ARE LAWYERS GETTING NICER? HOW I GOT INTO A FIST FIGHT IN COURT WHEN I WAS A BABY LAWYER
Published May 18, 2012
During a recent arbitration, while on a break, the court reporter made an interesting comment to me. She said she was in a deposition and she had to ask the lawyers to speak up. I was intrigued about the concept of lawyers needing a prompt to speak up, so I asked her to explain. She said that during the deposition, the lawyers would softly whisper, “Objection”. Sometimes the lawyers would just raise their hand or a finger indicating that they were objecting.
I responded that this was a first for me and those lawyers must be young or “Baby Lawyers”. (No offense meant to you Baby Lawyers, since I was once one also). The court reporter confirmed that the lawyers were, in fact, young.
This was a change from past ways, and I would say, a positive one. Clients may think that “in your face” lawyers are a good thing, but this type of behavior causes the case to be more expensive and in the end doesn’t help either side. Thinking about those nice young lawyers made me reminisce about being a lawyer back in the 1980s. There were a lot of nice lawyers in the eighties, but there were also some very mean and sneaky ones.
In those days, lawyers didn’t raise their hand to object, they shouted their objections. We also had “speaking” objections which have been outlawed by the State Bar Rules. Speaking objections told your client what to say. For example, your client was being deposed and had just been asked to describe the accident that was the subject of the lawsuit. The Lawyer shouts, “Objection!! My client wasn’t driving the car. He was in the back seat reading a magazine. There is no way he can answer your question.” Now the client knew what to say. He was reading a magazine and couldn’t answer the question.
Another trick was to make the witness you were deposing so uncomfortable they couldn’t think. The lawyer would request the deposition be videotaped. Then the lawyer would have the videographer bring bright lights and beamed them down on the witness. The lights were so bright–and so HOT–that the witness was in an immediate sweat.
I remember another lawyer that would pace around the room during the deposition. The witness would have a hard time concentrating on the questions because the opposing lawyer was gyrating around the room.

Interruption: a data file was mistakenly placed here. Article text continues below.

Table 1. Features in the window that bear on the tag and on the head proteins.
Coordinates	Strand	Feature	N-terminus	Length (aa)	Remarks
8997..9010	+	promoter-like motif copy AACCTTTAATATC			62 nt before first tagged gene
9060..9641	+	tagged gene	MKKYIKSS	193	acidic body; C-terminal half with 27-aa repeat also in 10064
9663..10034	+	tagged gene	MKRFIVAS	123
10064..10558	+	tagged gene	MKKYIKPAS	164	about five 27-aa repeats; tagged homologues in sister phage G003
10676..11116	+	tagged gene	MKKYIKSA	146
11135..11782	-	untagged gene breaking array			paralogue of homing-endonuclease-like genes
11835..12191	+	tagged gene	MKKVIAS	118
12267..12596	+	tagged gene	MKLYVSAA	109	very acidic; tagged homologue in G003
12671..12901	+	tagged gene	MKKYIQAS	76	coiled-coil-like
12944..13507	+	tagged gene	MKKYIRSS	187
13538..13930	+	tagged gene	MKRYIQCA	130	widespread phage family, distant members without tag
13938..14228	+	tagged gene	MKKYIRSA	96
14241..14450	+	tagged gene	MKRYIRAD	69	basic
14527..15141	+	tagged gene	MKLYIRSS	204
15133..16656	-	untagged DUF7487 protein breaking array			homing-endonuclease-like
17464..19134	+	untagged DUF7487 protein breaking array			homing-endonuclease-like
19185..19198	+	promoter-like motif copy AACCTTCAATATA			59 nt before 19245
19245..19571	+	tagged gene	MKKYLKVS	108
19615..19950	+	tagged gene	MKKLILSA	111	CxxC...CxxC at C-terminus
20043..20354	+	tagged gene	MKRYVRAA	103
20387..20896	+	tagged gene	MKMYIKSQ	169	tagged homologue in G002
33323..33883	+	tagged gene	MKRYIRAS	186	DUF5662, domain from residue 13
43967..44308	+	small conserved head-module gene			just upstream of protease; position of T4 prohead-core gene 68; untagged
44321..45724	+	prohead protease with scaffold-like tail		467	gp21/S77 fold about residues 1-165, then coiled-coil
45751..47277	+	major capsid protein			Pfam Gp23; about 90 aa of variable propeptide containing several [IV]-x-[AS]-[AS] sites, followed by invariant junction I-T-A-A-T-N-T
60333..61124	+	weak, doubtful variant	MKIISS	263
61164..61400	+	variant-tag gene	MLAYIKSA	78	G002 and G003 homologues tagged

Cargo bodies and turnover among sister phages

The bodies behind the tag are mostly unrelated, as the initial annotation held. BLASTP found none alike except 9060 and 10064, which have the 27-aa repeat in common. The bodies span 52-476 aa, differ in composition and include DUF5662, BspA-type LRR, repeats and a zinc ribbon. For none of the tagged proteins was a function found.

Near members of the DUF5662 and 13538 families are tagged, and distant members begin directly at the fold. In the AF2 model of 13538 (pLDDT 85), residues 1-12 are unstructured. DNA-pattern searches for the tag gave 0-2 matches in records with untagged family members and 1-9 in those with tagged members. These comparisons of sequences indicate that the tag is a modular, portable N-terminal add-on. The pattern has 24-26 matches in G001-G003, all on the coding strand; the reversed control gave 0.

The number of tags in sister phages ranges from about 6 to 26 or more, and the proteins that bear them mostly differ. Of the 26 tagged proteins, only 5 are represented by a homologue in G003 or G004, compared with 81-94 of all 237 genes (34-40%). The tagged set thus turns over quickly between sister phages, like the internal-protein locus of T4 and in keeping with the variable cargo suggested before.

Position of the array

I remember when two lawyers got in a terrible fight and hated each other. Every time they had a deposition, they would bring their own videographer. The person taking the deposition of the witness would have a videographer recording the witness. Then they would have an additional videographer trained on the other attorney. How’s that for intimidation!!
I remember a particularly mean lawyer that I had a case with when I was a Baby Lawyer. This lawyer (Nasty Lawyer) taunted me the entire case, constantly reminding me that “girls” shouldn’t try cases. Well, at the end of the trial there was a nasty little incident that occurred in the courtroom. The case had concluded and the Judge and bailiff had left the courtroom. Nasty Lawyer, his clients, and my clients were still in the courtroom. Nasty Lawyer and I were next to the jury box, quizzing the jurors on their verdict. (I had won!!).
I started to ask a juror a question and Nasty Lawyer interrupted me. I said, “You have interrupted me this entire trial, I would appreciate it if you would let me finish my sentence”. He responds, “How did you get to be such a bitch, Carla? I bet your mother is a bitch too!” I respond, “You are the biggest ***** I know.” He responds, “And I bet you love them.”
Upon hearing that, I snapped. I pulled my arm back and punched him in the nose. He fell back against the jury box and said, “No one hits me”. He then promptly shoved me back.
Meanwhile, the jury had their mouths open in shock and my clients were jumping out of the chairs. As luck would have it, my law firm had sent one of the partners to check on me, the Baby Lawyer. The partner steps into the courtroom and sees the Baby Lawyer punching her opponent. Needless to say, the law firm was not impressed.
I am glad lawyers are nicer today. And I don’t punch people in the nose any more.